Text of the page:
Why Protein Is Important For Weight Loss

If you’re struggling to drop the extra pounds, it’s probably because your diet lacks protein! 

Protein—the king of macros—can do wonders for your physique, and you’re about to learn why.

Get ready, we’re going to break down everything you need to know about protein and why it’s crucial for your weight loss. We’ll also talk about protein’s health benefits, why your body can’t live without it, and how to eat it the right way.

Is your notebook ready? Let’s get right into it…

What exactly is protein?

When you hear the word protein, does chicken breast come to mind? Animal products, like chicken breast, tend to be high in protein because it forms the building blocks of animals’ bodies just like it does in ours. 

Proteins are large, complex molecules that play many critical roles in the body. They are made up of hundreds of thousands of smaller units called amino acids. Amino acids attach to one another and form long chains. The sequence and type of amino acids that combine determine how the protein functions and its benefits to our bodies.

For example, some proteins are antibodies that bind to foreign particles, like viruses and bacteria, to help protect our bodies from sickness. Some proteins act as messengers that signal our bodies to complete an important biological process. Many proteins in our bodies are structural, providing support for cells and allowing the body to move. 

While there are more than one hundred different structural proteins in our bodies, the most abundant by far is collagen, which makes up about 6% of our total body weight. Collagen also makes up 30% of our bone tissue and comprises large amounts of our tendons, ligaments, cartilage, skin, and muscle.

How do we get protein?

Ever heard the term “essential amino acids?” This term reminds us that it’s essential we receive certain amino acids through our diets. 

There are only 20 amino acids that make up all the proteins we have in our bodies. Our bodies produce 11 of these amino acids, even if we do not get them from the food we eat. The remaining 9 (which we call “essential amino acids”) we can only get from food.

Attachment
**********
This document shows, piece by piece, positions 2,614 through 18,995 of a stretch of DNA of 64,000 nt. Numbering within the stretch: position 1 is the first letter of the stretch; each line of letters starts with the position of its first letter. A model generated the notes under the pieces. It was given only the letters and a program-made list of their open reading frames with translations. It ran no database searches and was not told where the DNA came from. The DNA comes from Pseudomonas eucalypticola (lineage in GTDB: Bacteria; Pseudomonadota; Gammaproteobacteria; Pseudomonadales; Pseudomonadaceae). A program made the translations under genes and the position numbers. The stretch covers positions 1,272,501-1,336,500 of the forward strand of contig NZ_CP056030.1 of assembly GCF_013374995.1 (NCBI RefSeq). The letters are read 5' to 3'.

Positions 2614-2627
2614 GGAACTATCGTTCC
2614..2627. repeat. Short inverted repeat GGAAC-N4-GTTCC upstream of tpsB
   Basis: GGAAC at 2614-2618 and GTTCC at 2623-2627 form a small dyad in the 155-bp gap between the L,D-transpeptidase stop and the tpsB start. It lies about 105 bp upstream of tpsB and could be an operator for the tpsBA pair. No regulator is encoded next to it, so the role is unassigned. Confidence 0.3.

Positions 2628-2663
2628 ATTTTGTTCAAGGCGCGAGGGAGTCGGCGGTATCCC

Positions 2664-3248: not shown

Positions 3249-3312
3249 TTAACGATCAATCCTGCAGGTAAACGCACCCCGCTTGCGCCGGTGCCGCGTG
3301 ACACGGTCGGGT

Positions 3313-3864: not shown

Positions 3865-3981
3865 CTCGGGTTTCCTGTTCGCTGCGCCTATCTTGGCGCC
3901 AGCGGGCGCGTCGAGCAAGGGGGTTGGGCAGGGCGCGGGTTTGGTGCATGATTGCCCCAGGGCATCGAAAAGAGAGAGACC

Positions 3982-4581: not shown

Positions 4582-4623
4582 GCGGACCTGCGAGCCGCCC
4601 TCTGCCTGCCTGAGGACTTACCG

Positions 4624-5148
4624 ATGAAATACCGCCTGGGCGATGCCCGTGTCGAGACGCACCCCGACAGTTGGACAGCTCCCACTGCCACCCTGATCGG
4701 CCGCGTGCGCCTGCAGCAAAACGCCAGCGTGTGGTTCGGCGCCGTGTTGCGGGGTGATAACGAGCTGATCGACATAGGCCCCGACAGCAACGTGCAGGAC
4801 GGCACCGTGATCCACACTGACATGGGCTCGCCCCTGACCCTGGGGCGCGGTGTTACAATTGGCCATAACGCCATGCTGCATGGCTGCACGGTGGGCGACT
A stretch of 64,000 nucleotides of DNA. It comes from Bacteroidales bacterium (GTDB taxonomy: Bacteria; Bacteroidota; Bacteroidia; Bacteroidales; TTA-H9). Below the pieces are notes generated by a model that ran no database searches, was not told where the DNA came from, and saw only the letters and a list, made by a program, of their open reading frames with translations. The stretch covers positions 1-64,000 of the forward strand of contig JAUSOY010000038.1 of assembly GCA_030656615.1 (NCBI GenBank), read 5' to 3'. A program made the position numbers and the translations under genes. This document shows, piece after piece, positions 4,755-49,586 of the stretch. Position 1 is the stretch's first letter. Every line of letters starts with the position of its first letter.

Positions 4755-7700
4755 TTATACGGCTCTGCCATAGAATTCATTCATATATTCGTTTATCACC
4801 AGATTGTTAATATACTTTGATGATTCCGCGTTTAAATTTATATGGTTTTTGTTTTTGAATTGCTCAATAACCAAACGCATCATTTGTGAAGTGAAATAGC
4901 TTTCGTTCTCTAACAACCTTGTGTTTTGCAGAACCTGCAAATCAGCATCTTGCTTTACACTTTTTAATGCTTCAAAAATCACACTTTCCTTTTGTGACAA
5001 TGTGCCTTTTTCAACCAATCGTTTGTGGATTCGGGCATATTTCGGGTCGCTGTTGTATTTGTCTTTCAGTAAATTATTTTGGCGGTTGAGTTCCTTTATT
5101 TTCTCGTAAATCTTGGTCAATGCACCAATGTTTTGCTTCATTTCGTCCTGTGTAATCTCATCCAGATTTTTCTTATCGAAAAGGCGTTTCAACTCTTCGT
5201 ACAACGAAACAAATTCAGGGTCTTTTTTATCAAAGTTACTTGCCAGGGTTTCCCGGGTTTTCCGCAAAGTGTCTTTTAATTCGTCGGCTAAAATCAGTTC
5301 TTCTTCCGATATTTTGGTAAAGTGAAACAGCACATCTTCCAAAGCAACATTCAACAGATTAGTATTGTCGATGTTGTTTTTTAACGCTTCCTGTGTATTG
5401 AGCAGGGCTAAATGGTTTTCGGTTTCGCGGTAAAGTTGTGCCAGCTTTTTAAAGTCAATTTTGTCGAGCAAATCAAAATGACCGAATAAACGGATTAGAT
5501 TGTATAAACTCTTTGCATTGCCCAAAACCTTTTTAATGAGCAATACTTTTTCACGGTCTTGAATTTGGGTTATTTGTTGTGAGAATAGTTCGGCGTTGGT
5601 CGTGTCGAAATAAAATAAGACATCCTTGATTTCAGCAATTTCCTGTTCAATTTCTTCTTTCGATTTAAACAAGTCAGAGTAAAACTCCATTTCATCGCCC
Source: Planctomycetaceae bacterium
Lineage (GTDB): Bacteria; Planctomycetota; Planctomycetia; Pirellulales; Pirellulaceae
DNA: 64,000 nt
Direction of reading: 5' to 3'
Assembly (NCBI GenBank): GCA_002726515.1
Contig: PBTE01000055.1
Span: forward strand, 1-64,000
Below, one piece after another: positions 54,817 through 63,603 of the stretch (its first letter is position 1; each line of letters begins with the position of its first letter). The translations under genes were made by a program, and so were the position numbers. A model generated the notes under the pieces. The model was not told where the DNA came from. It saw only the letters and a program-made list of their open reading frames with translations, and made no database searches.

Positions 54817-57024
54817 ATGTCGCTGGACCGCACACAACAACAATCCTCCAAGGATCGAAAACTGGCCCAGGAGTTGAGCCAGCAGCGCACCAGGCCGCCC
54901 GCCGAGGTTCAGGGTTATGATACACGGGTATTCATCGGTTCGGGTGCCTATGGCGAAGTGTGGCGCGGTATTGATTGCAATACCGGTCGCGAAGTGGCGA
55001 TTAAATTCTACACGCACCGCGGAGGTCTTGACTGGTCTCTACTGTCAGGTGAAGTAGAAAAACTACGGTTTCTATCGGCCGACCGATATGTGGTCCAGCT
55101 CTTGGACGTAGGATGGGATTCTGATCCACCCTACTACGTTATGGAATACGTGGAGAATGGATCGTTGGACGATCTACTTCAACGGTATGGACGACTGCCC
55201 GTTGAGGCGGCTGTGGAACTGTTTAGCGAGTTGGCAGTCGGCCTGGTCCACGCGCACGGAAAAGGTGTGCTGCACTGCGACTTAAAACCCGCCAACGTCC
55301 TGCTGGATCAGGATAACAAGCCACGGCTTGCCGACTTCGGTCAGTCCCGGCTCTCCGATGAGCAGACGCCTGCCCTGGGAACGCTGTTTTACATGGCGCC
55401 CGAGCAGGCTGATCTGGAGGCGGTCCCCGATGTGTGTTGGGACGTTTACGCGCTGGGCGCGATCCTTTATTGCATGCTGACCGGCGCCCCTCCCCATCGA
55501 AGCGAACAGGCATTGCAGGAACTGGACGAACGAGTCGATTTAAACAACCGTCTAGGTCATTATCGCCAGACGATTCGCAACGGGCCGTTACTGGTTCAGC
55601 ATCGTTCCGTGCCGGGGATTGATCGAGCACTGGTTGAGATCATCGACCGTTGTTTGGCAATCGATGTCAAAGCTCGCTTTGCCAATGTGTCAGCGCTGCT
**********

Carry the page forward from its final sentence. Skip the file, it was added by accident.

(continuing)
When a food contains all nine of these essential amino acids, we call it a “complete protein.” Nuts, seeds, whole grains, and beans contain incomplete proteins, which our bodies can use to piece together the amino acids it needs. Other foods already come as a complete package, with all nine essential amino acids, like: 

  • Meat
  • Poultry
  • Fish
  • Eggs
  • Dairy products
  • Quinoa
  • Buckwheat
  • Hempseed
  • Blue-green algae
  • Soybeans

How much protein should you eat every day?

Proteins are found in every part of your body tissue—they make you what you are and keep you that way.

The current Recommended Dietary Allowance (RDA) for protein tells us the minimum amount of protein we need every day to prevent lean body mass loss—this number is often misunderstood as the recommended optimal daily intake. 

For your body to function at its best, protein needs to make up 20-30% of your daily food intake, a much higher number than the RDA.

So what happens if your diet is starving your body of needed protein, and can you go overboard in your protein consumption?

Not enough protein in your diet results in…

  • A weakened immune system
  • Risk of bone fracture
  • Swelling
  • Hair loss 
  • Brittle nails
  • High blood pressure
  • Muscle weakness and wasting
  • Irregular menstrual cycles

Too much protein in your diet results in…

  • Weakened kidneys
  • Indigestion
  • Bloating
  • Dehydration

How your weight and protein intake relate… 

Your body weight is directly affected by the adequacy and quality of the protein in your daily diet. Protein is an amazing teammate when you’re working to lose or maintain a healthy weight for four main reasons: